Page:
precedence of these two calculations can influence the value that is returned in the cell that is
the intersection of the row and column in question.
An example helps illustrate this concept.
Revenue
1993
Sum (1993,
100)
1994
Date
Dishwashers
41
52
141
93
Stoves
54
40
154
94
Microwaves
26
34
126
60
Stoves + Microwaves
80
74
280
154
121
126
221
247
Line
In this case, the intersection between “Stove + Microwaves” on the row axis intersects with
“Sum(1993, 100)” on the column axis could potentially have two different answers. The
resultant value could either be 280 (which is the addition of Stove and Microwaves in the
column “Sum(1993, 100)”) or it could be 180 (which is the sum of 1993 and 100 for the
“Stoves + Microwaves” row).
Which value is rendered depends on the relative solve order that is assigned to each
calculation. If the solve order for the “Stoves + Microwaves” calculation is higher than that of
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“Sum(1993, 100)”, then “Stoves + Microwaves” is the last operation performed in the
intersection.
In terms of steps, it works as follows...
1. 100 is added to Stoves result is 154.
2. 100 is added to Microwaves results is 126.
3. The results of these two calculations are then added (Stoves + Microwaves) result
is 280.
As shown, the “Stoves + Microwaves” is executed last because its solve order is higher. If the
relative solve orders were reversed, the steps would be
4. Stoves is added to Microwaves for row 1993 result is 80.
5. 100 is added to the result of this last calculation result is 180.
To specify the solve order for a calculation, the solveOrder attribute needs to be set for the
crosstabNodeMember object in the layout specification. It looks as follows...
<crosstabNodeMember class="cl" refDataItem="Line (Custom Calculation Item)" solveOrder="2">
If the solveOrders of two calculations are the same, then rows will tale precedence over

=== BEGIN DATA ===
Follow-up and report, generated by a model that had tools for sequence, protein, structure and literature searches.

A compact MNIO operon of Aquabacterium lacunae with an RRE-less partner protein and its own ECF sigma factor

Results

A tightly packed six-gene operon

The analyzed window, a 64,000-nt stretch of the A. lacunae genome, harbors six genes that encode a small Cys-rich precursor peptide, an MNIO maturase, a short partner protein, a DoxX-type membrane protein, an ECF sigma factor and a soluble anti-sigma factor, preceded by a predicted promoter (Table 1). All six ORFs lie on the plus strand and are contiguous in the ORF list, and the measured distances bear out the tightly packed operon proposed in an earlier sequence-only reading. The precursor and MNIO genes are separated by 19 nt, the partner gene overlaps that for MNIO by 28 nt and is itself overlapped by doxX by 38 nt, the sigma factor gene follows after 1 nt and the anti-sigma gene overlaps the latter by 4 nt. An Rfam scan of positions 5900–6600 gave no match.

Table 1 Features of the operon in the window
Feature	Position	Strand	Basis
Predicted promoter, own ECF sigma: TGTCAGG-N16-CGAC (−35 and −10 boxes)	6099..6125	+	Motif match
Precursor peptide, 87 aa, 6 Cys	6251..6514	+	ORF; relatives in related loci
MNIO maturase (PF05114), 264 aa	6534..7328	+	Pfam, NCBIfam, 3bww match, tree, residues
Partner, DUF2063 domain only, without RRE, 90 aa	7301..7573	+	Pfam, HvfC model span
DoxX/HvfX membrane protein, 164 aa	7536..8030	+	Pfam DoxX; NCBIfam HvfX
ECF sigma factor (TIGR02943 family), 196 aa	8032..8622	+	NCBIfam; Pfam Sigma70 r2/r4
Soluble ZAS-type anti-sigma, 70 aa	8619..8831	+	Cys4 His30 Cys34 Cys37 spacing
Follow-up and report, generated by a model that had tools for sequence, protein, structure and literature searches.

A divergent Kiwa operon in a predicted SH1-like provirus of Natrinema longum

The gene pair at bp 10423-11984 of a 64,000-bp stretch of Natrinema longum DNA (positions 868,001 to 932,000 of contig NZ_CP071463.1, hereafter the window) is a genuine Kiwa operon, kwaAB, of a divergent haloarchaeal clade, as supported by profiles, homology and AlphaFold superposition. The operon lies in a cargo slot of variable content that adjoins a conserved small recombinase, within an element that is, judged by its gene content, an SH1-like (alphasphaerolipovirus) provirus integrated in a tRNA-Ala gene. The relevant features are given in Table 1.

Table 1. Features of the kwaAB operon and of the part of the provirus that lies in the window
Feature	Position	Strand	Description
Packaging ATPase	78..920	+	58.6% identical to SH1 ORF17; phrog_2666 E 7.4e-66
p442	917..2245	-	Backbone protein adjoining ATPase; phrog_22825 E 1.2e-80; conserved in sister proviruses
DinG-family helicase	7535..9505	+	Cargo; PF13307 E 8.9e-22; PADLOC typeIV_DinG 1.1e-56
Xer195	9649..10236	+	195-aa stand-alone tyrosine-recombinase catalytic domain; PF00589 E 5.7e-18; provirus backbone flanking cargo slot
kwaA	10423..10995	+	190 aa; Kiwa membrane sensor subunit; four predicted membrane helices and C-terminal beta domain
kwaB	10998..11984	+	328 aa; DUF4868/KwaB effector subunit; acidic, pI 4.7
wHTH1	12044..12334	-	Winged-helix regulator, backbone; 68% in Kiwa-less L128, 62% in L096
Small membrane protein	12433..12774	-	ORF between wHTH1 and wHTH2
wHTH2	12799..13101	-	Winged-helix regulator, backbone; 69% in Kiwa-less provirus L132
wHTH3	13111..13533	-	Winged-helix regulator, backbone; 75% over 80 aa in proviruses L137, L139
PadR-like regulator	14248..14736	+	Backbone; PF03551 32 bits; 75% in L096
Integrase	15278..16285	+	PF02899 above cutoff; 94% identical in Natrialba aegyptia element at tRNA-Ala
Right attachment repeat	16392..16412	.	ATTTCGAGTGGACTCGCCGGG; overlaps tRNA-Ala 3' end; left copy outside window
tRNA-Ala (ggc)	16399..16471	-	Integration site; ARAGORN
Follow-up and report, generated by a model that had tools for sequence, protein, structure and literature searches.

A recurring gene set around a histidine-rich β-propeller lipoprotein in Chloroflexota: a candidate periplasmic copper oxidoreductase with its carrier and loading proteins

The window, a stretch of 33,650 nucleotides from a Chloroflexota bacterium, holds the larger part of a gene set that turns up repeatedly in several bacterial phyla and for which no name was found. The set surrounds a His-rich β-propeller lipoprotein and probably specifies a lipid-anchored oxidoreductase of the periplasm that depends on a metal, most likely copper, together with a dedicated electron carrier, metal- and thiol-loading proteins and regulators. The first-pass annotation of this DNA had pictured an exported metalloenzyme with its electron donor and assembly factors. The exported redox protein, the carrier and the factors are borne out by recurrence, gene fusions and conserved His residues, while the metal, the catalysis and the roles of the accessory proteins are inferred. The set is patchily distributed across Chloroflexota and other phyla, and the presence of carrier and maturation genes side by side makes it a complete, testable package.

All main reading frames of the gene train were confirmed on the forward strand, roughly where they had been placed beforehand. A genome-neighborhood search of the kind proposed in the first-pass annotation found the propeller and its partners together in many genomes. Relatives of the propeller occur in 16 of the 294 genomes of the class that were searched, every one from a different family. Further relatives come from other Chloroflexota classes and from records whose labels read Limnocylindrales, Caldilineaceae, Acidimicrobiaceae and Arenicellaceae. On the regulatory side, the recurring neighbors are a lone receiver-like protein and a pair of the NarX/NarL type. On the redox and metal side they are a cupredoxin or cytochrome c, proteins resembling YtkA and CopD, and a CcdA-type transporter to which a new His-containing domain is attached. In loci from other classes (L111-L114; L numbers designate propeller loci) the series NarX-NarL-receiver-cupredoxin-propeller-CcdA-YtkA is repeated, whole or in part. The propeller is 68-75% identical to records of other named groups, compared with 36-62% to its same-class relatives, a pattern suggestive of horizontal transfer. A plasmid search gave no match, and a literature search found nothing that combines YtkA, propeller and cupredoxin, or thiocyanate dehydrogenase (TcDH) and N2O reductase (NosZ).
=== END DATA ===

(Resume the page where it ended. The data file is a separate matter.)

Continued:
column, thereby causing the row calc to have a higher solve order than the column calc.
4.4
Performance
o
How to avoid slow-running subtotals
o
Avoid placing aggregation subtotals on the inner level of a nested crosstab.
Performance is slowed significantly due to the necessity of re-executing the
aggregation for each permutation of the evaluation context. Performance is
adversely affected against multidimensional data sources. It is worse against
relational data sources.
o
Try to avoid running aggregate calculations against an unknown number of
members. If there is a large flat dimension, then aggregating most of the
members of a level would be very time consuming.
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Redundancy in dataItem expressions
o
If the same expression is repeated several times in one or more dataItem
expressions, it improves performance greatly to make a single dataItem with
that expression, and reference the single dataItem from the various other
expressions.
o
How to limit the amount of data shown
o
Design crosstabs or reports that have preset limits, or governors, that limit the
amount of members returned from the query. Using functions such as HEAD,
TopCount, BottomCount, and FILTER reduce the amount of data returned, as
well as improving readability.
o
Relational data sources
o
Construct well partitioned dimensions.
o
When building the model over a relational data source, use a star schema as
opposed to a snowflake or standard relational setup.
o
Use inner joins in model as opposed to outer joins.
o
Use Materialized Views in the database as much as possible.
5 Summary
There are many methods of extracting useful data from a database to show in a report. OLAP
technology and multidimensional modeling is one method that allows a report author to use
powerful tools to help them retrieve the data that they are interested in. With experience, the
reports that are authored with Report Studio can become even better by taking advantage of
the techniques that IBM Cognos 8 provides.
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6 Appendices
6.1 Appendix A - Multidimensional Models
6.1.1 What is a member?
Before describing multidimensional models, it is important to understand what a member is.